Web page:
Project description:Ferredoxins are protein mediators of biological electron-transfer reactions and typically contain either [2Fe-2S] or [4Fe-4S] clusters. Two ferredoxin homologues have been identified in the human genome, Fdx1 and Fdx2, that share 43% identity and 69% similarity in protein sequence and both bind [2Fe-2S] clusters. Despite the high similarity, the two ferredoxins play very specific roles in distinct physiological pathways and cannot replace each other in function. Both eukaryotic and prokaryotic ferredoxins and homologues have been reported to receive their Fe-S cluster from scaffold/delivery proteins such as IscU, Isa, glutaredoxins, and Nfu. However, the preferred and physiologically relevant pathway for receiving the [2Fe-2S] cluster by ferredoxins is subject to speculation and is not clearly identified. In this work, we report on in vitro UV-visible (UV-vis) circular dichroism studies of [2Fe-2S] cluster transfer to the ferredoxins from a variety of partners. The results reveal rapid and quantitative transfer to both ferredoxins from several donor proteins (IscU, Isa1, Grx2, and Grx3). Transfer from Isa1 to Fdx2 was also observed to be faster than that of IscU to Fdx2, suggesting that Fdx2 could receive its cluster from Isa1 instead of IscU. Several other transfer combinations were also investigated and the results suggest a complex, but kinetically detailed map for cellular cluster trafficking. This is the first step toward building a network map for all of the possible iron-sulfur cluster transfer pathways in the mitochondria and cytosol, providing insights on the most likely cellular pathways and possible redundancies in these pathways.
Project description:Iron?sulfur clusters are essential cofactors found across all domains of life. Their assembly and transfer are accomplished by highly conserved protein complexes and partners. In eukaryotes a [2Fe-2S] cluster is first assembled in the mitochondria on the iron?sulfur cluster scaffold protein ISCU in tandem with iron, sulfide, and electron donors. Current models suggest that a chaperone pair interacts with a cluster-bound ISCU to facilitate cluster transfer to a monothiol glutaredoxin. In humans this protein is glutaredoxin 5 (GLRX5) and the cluster can then be exchanged with a variety of target apo proteins. By use of circular dichroism spectroscopy, the kinetics of cluster exchange reactivity has been evaluated for human GLRX5 with a variety of cluster donor and acceptor partners, and the role of chaperones determined for several of these. In contrast to the prokaryotic model, where heat-shock type chaperone proteins HscA and HscB are required for successful and efficient transfer of a [2Fe-2S] cluster from the ISCU scaffold to a monothiol glutaredoxin. However, in the human system the chaperone homologs, HSPA9 and HSC20, are not necessary for human ISCU to promote cluster transfer to GLRX5, and appear to promote the reverse transfer. Cluster exchange with the human iron?sulfur cluster carrier protein NFU1 and ferredoxins (FDX's), and the role of chaperones, has also been evaluated, demonstrating in certain cases control over the directionality of cluster transfer. In contrast to other prokaryotic and eukaryotic organisms, NFU1 is identified as a more likely physiological donor of [2Fe-2S] cluster to human GLRX5 than ISCU.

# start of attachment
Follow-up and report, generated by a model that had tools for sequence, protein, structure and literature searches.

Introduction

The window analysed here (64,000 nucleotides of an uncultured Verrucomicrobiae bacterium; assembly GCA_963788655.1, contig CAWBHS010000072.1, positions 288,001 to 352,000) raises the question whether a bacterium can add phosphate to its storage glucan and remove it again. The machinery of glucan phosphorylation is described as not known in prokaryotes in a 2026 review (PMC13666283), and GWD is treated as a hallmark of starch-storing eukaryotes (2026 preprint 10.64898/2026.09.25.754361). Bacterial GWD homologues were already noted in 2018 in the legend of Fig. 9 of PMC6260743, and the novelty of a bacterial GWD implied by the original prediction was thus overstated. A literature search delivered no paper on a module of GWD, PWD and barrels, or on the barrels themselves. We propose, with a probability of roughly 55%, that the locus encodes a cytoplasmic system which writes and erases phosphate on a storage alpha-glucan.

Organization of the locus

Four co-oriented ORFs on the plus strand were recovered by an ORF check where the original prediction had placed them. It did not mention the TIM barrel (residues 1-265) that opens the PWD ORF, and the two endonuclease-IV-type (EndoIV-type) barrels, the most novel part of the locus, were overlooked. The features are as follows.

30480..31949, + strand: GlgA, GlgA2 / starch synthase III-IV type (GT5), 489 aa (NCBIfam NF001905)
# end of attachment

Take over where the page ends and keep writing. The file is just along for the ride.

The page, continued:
Project description:Monothiol glutaredoxins play a crucial role in iron-sulfur (Fe/S) protein biogenesis. Essentially all of them can coordinate a [2Fe-2S] cluster and have been proposed to mediate the transfer of [2Fe-2S] clusters from scaffold proteins to target apo proteins, possibly by acting as cluster transfer proteins. The molecular basis of [2Fe-2S] cluster transfer from monothiol glutaredoxins to target proteins is a fundamental, but still unresolved, aspect to be defined in Fe/S protein biogenesis. In mitochondria monothiol glutaredoxin 5 (GRX5) is involved in the maturation of all cellular Fe/S proteins and participates in cellular iron regulation. Here we show that the structural plasticity of the dimeric state of the [2Fe-2S] bound form of human GRX5 (holo hGRX5) is the crucial factor that allows an efficient cluster transfer to the partner proteins human ISCA1 and ISCA2 by a specific protein-protein recognition mechanism. Holo hGRX5 works as a metallochaperone preventing the [2Fe-2S] cluster to be released in solution in the presence of physiological concentrations of glutathione and forming a transient, cluster-mediated protein-protein intermediate with two physiological protein partners receiving the [2Fe-2S] cluster. The cluster transfer mechanism defined here may extend to other mitochondrial [2Fe-2S] target proteins.
Project description:Human Nfu is an iron-sulfur cluster protein that has recently been implicated in multiple mitochondrial dysfunctional syndrome (MMDS1). The Nfu family of proteins shares a highly homologous domain that contains a conserved active site consisting of a CXXC motif. There is less functional conservation between bacterial and human Nfu proteins, particularly concerning their Iron-sulfur cluster binding and transfer roles. Herein, we characterize the cluster exchange chemistry of human Nfu and its capacity to bind and transfer a [2Fe-2S] cluster. The mechanism of cluster uptake from a physiologically relevant [2Fe-2S](GS)4 cluster complex, and extraction of the Nfu-bound iron-sulfur cluster by glutathione are described. Human holo Nfu shows a dimer-tetramer equilibrium with a protein to cluster ratio of 2:1, reflecting the Nfu-bridging [2Fe-2S] cluster. This cluster can be transferred to apo human ferredoxins at relatively fast rates, demonstrating a direct role for human Nfu in the process of [2Fe-2S] cluster trafficking and delivery.